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Empty nests: Learning to be a couple all over again

February 25, 2008
By Connie Cartmell,
Every Friday Bob and Cathi Voisinet of Marietta have a date night.

They prepare dinner together at home, set out the fine china, crystal wine glasses, cloth napkins and sit at the dining room table.

After dinner, they watch a movie.

It’s a tradition that sparks romance and remembrance.

The Voisinets are empty nesters.

“That’s us,” Cathi Voisinet said. “One warm summer night we just sat in our driveway and listened to ‘60s music on the iPod.”

On Sunday afternoons, the couple take a ride in the country, just to explore Washington County.

Empty nesting — when the children are away at college or all grown up and married — can be a fun and exciting time, opening a whole new chapter in a marriage.

“Bob and I were married in 1972 and were high school sweethearts,” Cathi Voisinet said. “Now, with the kids grown up, we still try to be ‘Bob and Cathi’ and not just ‘Mom and Dad’ or ‘Nana and Papa.’”

There are three grown Voisinet children, Bob, 33; Susannah, 30; and Tom, 27. The couple has six grandchildren.

Tami and Keith Tuten of Marietta have been married 29 years and have four adult children – Tara, 26; Jana, 23; Tim, 21; and Sam, 18. This is the first winter all the kids have been out of the house.

“We really miss them. When they were all here, we were really busy with all kinds of school activities,” said Keith Tuten, 52. “When the kids were all gone, we started doing more things together.”

Experts say the transition between being a parent of a teenager and the parent of an adult child is sometimes a difficult one. Even more complex is learning to be a couple all over again.

For two decades or more, you have been parents.

“It takes us back to the year before we had children,” Keith Tuten said. “We had moved out West and lived in Phoenix before they were born.”

The family moved back to Marietta in 1989.

“Now we have a tendency to pick up and go to the beach (Charleston, S.C.) more often. We work on projects here at home together,” he said.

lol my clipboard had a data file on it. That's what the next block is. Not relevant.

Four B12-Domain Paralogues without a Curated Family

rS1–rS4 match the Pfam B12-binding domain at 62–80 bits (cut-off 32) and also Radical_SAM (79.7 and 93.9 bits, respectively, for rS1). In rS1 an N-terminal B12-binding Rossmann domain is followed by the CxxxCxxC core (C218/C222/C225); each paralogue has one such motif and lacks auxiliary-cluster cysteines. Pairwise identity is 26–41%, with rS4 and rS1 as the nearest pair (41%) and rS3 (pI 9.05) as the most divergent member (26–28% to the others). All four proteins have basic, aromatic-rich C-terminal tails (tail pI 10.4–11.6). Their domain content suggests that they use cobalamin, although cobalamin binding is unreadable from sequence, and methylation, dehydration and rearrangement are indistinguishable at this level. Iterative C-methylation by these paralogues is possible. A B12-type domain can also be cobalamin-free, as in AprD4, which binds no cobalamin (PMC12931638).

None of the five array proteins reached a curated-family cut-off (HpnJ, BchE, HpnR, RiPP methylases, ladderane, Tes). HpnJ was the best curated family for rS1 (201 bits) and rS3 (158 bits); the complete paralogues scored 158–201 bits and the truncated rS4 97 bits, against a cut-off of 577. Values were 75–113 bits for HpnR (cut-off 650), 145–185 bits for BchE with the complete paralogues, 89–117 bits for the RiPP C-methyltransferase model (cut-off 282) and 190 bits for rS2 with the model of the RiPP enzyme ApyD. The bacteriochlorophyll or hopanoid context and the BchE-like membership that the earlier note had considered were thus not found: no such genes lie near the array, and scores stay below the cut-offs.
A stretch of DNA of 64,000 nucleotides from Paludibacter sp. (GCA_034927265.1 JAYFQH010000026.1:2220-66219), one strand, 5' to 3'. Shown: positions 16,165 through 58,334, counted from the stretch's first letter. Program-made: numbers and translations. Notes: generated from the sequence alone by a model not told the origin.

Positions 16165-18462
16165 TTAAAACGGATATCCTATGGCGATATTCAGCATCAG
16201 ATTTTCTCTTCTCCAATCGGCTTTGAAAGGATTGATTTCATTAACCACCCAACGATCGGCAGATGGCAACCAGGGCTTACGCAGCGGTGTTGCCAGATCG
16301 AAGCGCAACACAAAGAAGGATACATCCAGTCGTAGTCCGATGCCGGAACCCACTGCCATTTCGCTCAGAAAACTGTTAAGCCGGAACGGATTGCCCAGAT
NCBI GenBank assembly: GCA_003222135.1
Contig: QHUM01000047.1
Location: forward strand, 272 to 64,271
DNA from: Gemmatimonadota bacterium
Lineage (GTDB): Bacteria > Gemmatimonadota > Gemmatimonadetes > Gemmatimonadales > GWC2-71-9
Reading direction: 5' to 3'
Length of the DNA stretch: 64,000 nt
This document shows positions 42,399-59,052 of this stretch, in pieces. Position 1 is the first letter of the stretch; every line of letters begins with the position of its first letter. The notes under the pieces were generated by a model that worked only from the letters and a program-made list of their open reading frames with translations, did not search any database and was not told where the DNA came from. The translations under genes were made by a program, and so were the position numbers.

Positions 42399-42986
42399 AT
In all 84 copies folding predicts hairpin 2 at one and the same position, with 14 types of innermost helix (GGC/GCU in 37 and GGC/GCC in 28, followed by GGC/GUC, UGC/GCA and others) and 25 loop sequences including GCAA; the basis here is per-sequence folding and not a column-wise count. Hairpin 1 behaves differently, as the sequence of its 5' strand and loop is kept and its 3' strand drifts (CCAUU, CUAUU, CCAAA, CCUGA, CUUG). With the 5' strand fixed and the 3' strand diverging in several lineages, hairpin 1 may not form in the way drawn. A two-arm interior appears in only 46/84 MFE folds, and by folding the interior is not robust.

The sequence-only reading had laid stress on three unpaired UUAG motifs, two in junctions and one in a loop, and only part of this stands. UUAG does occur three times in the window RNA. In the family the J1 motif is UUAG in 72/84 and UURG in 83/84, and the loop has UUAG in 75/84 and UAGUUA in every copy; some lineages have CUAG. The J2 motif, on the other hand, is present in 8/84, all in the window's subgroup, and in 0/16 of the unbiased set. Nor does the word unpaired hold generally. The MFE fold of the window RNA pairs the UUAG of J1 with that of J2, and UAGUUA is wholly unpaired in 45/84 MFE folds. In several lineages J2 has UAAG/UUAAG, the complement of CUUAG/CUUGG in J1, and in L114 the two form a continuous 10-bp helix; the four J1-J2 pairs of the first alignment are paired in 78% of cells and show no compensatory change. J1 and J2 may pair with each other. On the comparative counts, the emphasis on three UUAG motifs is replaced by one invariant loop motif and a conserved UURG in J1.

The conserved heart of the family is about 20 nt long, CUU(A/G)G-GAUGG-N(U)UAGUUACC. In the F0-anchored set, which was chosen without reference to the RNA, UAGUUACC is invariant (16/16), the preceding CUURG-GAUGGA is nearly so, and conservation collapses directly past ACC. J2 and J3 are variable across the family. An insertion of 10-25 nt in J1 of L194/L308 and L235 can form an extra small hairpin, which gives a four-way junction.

Tami Tuten, also 52, suggests parents stop and take time to notice “simple pleasures,” what their children are doing. Time is fleeting, she said.

“Years fly by so quickly. Enjoy every day activities with your children,” she said. “Empty nesting is a new adventure for us.”

The family keeps in close touch.

“We still do miss the kids,” Tami Tuten said. “We all stay connected and are excited about their new adventures.”

Julie Stacy, children’s librarian at the Washington County Public Library, said empty nesting has “pros and cons.”

“There is a lot less laundry, dishes, and the house is not such a mess,” she said with humor. “But I miss them. Thank goodness for cell phones.”

Bruce and Julie Stacy have two adult children, Don, 21, and Joanne, 19. Both are college students.

The first year of empty nesting was “great,” said Susan Corcoran of Devola.

“Certainly I missed my children and love them dearly,” she said. “In that first year of empty nesting, there is time to rediscover each other. For a long time, your focus is on the kids.”

Susan and Peter Corcoran have been married 34 years and have three adult children (Dan, 29, Michael 26, and Shannon 25).

“Your relationship with your child changes to more of an adult relationship and more adult conversations,” she said.

Article Photos

BRAD BAUER The Marietta Times
Keith and Tami Tuten, of 200 Bellevue St., Marietta, take a walk Sunday with their pet dogs Ricky and Lucy.



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